The TGIE never asked me for proof of my own recognition of the 17th Karmapa. I also never requested their approval, as they are not in a position to ask for such proof. Why? Because when you recognize the reincarnation of a Lama, the past Lama’s spirit had to come from Nirvana or the Bardo to a new human form. At that point, the appropriate spiritual teachers recognize it. And when one is such a spiritual leader, that Lama is recognized either by seeing it directly from one’s supernatural mind, or via the prediction of one’s personal yidams (white or green Tara, for example, or Dharma protectors).
There exists no tradition of asking for proof of such types of recognition. This is because the process is beyond what people can perceive with their normal senses. So I myself, being a Shamarpa, I am the proof of the authority to recognize Karmapa according to the traditions of the Karma Kagyu lineage. If I had produced a letter which I claimed was written by the 16th Karmapa, then my letter would have been examined by the 16th Karmapa’s own administrators if they had any doubts. They have the right to evaluate the authenticity of such a letter if there are any doubts. Additionally, if my personal prediction contradicted a letter which they deemed to authentic, they would have the right to veto my recognition of the Karmapa. That power to veto would depend on the Karmapa’s administration proving publicly that the letter is authentic and that it contradicts my prediction. Then the final decision would depend on where the more convincing proof lies.
No Shamarpa has had to ask for approval or provide proof to the Dalai Lamas or to the Tibetan government. I recognized Thaye Dorje Rinpoche as the 17th Karmapa in 1993. He and his family then escaped in 1994. I myself declared to the world he is the Karmapa and enthroned him at Bodhgaya in 1996 without any confirmation from or contact with either the TGIE or H.H. Dalai Lama.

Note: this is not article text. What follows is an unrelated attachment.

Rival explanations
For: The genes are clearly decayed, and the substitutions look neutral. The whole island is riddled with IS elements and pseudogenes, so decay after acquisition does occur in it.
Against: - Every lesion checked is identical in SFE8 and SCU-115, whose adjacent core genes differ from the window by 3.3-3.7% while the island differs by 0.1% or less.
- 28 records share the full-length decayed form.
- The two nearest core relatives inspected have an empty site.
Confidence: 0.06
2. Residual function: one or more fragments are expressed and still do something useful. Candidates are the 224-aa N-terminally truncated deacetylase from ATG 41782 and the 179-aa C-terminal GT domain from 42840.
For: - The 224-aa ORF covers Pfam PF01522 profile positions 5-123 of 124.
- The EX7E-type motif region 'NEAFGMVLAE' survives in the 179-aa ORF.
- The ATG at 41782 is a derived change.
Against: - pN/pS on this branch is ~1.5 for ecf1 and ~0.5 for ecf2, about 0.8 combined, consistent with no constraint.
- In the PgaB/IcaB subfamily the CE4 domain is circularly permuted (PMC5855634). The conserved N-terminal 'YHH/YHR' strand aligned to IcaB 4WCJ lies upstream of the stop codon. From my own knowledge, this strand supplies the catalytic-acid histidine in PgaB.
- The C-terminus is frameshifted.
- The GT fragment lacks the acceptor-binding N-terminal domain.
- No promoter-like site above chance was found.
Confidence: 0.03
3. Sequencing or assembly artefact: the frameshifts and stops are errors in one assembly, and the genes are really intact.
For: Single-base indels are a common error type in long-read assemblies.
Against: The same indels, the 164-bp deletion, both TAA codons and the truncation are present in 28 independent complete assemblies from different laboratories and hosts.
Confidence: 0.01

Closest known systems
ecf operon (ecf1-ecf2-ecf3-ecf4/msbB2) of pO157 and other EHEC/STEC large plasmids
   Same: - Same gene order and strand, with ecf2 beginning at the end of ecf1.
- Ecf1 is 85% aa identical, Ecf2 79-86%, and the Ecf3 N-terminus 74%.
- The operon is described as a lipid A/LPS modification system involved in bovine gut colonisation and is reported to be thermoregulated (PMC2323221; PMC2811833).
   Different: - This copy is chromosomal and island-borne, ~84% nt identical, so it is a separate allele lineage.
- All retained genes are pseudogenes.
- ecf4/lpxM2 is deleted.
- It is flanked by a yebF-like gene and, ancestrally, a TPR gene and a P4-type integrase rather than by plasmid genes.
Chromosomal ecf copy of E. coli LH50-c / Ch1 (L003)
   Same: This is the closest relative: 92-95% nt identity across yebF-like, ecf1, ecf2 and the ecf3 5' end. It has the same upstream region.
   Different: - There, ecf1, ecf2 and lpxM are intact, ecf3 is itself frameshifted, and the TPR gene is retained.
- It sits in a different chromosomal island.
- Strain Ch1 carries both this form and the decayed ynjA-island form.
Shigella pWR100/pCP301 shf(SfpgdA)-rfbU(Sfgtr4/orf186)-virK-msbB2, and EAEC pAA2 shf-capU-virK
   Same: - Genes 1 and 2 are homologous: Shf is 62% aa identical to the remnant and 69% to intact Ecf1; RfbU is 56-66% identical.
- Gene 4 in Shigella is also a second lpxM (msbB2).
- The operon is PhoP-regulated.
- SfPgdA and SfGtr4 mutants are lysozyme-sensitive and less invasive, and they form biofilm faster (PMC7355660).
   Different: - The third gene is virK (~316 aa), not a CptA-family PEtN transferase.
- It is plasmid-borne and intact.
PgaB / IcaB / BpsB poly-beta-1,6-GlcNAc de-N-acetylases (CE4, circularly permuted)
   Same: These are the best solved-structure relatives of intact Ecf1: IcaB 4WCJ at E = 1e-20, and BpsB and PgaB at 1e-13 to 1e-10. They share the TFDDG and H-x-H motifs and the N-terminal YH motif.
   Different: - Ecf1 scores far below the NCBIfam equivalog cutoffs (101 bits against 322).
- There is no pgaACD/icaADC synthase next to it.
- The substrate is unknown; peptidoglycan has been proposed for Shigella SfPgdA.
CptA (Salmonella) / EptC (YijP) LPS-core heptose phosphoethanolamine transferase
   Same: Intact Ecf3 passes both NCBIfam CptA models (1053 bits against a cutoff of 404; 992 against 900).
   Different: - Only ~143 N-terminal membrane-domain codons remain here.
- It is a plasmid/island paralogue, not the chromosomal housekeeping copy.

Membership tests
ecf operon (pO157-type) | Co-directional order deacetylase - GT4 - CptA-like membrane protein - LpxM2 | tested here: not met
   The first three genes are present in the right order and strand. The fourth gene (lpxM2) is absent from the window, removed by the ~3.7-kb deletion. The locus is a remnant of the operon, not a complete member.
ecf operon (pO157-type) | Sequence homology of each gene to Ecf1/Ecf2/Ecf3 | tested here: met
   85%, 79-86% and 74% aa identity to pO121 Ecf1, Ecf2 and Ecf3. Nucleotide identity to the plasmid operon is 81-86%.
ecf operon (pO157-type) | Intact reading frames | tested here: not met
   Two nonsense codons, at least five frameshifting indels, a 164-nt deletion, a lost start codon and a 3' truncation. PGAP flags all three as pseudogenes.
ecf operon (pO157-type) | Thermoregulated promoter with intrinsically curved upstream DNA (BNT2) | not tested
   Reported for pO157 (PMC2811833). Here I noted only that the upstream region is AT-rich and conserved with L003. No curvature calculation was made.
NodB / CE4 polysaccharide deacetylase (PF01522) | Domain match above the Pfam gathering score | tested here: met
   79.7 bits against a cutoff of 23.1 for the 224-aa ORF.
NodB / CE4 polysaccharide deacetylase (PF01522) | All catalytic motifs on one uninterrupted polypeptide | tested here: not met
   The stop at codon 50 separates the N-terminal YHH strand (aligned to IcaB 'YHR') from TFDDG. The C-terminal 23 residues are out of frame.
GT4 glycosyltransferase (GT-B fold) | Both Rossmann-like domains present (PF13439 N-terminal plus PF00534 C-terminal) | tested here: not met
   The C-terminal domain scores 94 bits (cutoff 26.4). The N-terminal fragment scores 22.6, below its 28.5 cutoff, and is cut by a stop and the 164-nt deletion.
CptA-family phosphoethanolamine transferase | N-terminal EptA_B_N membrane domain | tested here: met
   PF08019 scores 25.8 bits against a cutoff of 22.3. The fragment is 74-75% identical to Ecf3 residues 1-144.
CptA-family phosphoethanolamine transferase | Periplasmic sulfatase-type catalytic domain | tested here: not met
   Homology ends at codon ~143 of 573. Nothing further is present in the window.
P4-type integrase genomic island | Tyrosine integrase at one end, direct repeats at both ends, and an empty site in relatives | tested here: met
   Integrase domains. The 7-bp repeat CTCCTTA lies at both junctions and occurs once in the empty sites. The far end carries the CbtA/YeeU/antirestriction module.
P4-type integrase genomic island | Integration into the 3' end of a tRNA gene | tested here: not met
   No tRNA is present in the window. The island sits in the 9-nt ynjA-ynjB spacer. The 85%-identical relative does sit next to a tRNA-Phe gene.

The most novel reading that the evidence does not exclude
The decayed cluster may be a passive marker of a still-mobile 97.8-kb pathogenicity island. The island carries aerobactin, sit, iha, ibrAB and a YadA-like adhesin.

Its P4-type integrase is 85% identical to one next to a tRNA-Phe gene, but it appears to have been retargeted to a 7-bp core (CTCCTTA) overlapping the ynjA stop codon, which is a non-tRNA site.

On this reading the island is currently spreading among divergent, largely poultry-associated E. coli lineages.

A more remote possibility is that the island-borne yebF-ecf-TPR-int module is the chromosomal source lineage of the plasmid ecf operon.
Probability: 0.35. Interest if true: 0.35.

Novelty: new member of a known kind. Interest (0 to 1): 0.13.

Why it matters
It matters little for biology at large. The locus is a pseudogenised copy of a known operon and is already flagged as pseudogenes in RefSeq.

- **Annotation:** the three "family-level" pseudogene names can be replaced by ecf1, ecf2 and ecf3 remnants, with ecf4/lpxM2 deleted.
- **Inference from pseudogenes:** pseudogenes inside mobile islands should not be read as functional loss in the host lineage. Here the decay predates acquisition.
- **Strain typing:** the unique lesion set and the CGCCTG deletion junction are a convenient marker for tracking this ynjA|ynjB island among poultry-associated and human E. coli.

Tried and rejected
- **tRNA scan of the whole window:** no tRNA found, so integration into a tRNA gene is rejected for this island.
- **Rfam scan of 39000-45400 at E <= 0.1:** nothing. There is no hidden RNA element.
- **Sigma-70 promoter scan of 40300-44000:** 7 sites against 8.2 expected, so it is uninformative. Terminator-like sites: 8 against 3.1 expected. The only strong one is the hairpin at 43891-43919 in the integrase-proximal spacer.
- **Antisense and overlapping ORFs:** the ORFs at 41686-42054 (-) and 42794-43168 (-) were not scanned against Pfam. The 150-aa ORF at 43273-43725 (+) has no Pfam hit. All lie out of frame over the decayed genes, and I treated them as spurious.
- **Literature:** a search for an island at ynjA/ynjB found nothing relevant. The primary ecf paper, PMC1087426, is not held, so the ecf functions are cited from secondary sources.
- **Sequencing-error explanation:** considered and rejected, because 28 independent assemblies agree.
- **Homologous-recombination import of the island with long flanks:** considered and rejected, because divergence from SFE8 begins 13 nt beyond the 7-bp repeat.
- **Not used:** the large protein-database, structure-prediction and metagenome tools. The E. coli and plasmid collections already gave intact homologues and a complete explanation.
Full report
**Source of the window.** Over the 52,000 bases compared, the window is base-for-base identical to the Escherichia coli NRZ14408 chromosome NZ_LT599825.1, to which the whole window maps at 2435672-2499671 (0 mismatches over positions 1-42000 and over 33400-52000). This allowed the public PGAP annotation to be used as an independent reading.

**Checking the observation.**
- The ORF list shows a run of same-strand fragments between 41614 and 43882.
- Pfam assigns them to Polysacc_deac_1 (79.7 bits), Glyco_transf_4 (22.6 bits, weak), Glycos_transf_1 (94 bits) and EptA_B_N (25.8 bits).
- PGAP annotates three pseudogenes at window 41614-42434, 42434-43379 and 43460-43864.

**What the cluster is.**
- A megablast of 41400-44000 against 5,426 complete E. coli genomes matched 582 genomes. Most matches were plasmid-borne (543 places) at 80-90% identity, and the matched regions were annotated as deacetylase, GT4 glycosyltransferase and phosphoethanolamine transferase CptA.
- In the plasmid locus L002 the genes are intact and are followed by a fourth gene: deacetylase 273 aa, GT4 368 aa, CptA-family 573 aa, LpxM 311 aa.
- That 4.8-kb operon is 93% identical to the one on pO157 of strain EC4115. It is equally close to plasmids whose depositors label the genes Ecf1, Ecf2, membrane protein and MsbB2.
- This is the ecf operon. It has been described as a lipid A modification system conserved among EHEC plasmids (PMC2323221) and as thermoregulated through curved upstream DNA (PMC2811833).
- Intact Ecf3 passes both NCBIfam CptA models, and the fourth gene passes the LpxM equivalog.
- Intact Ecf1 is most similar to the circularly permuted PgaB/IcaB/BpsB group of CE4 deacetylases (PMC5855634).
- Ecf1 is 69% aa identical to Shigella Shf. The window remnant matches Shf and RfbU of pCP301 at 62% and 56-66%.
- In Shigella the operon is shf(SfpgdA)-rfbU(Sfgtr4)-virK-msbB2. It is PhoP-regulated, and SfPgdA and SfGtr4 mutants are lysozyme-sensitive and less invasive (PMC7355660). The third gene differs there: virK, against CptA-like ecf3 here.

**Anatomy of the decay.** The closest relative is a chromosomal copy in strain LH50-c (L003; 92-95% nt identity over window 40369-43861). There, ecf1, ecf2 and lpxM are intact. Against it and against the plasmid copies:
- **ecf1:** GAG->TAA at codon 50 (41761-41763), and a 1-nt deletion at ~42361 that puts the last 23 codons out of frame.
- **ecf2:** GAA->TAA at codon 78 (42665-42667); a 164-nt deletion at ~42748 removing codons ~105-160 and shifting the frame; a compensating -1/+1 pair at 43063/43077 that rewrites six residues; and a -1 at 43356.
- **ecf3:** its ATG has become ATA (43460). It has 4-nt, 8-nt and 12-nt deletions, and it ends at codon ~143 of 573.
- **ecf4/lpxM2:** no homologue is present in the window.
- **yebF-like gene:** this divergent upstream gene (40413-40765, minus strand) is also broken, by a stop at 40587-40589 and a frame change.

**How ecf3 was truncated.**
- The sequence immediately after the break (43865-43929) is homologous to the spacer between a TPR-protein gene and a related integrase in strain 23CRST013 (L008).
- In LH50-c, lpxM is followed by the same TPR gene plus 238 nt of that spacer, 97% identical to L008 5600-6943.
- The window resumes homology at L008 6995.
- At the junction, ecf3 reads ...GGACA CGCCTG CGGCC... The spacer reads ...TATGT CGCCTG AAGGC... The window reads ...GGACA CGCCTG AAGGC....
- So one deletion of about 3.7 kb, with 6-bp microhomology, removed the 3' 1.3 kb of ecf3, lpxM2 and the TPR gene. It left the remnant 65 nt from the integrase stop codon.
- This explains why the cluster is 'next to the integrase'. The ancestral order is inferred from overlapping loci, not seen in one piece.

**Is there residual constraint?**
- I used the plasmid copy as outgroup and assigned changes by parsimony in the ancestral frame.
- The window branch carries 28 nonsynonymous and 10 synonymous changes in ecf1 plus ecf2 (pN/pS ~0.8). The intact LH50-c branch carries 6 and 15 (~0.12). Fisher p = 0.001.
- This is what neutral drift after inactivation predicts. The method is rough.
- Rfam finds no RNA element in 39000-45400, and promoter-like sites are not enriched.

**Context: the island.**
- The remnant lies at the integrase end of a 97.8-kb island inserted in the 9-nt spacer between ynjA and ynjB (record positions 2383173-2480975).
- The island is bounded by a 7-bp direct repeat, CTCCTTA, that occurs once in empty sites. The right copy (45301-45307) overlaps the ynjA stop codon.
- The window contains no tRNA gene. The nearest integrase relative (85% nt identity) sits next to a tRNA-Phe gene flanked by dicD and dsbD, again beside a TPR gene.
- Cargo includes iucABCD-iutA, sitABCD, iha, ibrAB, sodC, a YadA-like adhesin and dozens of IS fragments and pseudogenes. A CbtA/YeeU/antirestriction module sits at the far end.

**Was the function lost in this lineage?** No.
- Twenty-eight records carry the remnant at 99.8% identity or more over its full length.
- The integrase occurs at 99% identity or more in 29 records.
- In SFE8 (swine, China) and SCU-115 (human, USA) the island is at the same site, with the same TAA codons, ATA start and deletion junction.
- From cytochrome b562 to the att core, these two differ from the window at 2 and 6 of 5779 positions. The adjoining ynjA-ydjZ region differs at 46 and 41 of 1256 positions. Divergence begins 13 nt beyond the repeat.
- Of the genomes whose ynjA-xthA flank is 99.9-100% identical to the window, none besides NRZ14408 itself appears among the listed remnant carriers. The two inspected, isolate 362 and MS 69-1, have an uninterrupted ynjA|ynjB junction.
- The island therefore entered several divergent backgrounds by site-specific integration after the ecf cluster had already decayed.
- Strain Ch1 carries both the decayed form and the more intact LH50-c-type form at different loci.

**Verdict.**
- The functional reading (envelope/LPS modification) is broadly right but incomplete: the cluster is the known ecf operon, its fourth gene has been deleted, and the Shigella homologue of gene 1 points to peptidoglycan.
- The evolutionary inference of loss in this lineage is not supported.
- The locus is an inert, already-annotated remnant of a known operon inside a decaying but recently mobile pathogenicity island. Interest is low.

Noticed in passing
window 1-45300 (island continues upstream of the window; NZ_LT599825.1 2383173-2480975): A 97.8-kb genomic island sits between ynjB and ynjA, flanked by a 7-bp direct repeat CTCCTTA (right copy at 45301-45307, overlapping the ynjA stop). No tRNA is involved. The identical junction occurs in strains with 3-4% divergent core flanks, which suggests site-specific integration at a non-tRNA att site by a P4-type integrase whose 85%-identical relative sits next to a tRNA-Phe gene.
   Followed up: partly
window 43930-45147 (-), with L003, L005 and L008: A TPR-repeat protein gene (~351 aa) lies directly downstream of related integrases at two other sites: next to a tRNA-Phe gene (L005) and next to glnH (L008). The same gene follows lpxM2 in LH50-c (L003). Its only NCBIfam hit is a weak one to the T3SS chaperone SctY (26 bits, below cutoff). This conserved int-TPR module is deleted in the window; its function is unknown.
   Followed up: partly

It should also be mentioned here that the recognition of reincarnate Lamas is not conducted by popular vote. The number of devotees or supporters has never been a valid means of establishing the authenticity of a teacher. Many Karmapas and Shamarpas have led quite solitary lives, spending many years at a time in retreat and with few disciples. That has never caused anyone to doubt their authenticity.
The controversy is not without precedent in Tibetan history, as Ms. Terhune points out in her book. But it is historically significant now because, in the 21st century, the dissension is not confined to a remote Tibet, but affects followers of Tibetan Buddhism throughout the world.
Here I agree with you completely. However much you are concerned by this issue – as you clearly are – I’m sure you can be sympathetic to how much more concerned I am. Traditionally, the Shamarpas lead the Karma Kagyu lineage in concert with the Karmapas. This means that I have the responsibility to protect the Karma Kagyu lineage. Please think about how strongly you feel, then put yourself in my shoes for a moment, and imagine how important it is to me to protect the autonomy of the Karma Kagyu.
I understand that you support H.H. Dalai Lama one hundred percent and support completely the Gelukpa school which is the only school you are devoted to. The attempt to give full authority over the four schools to H.H. Dalai Lama, however, cannot be supported and indeed does not have the support of any of the other schools.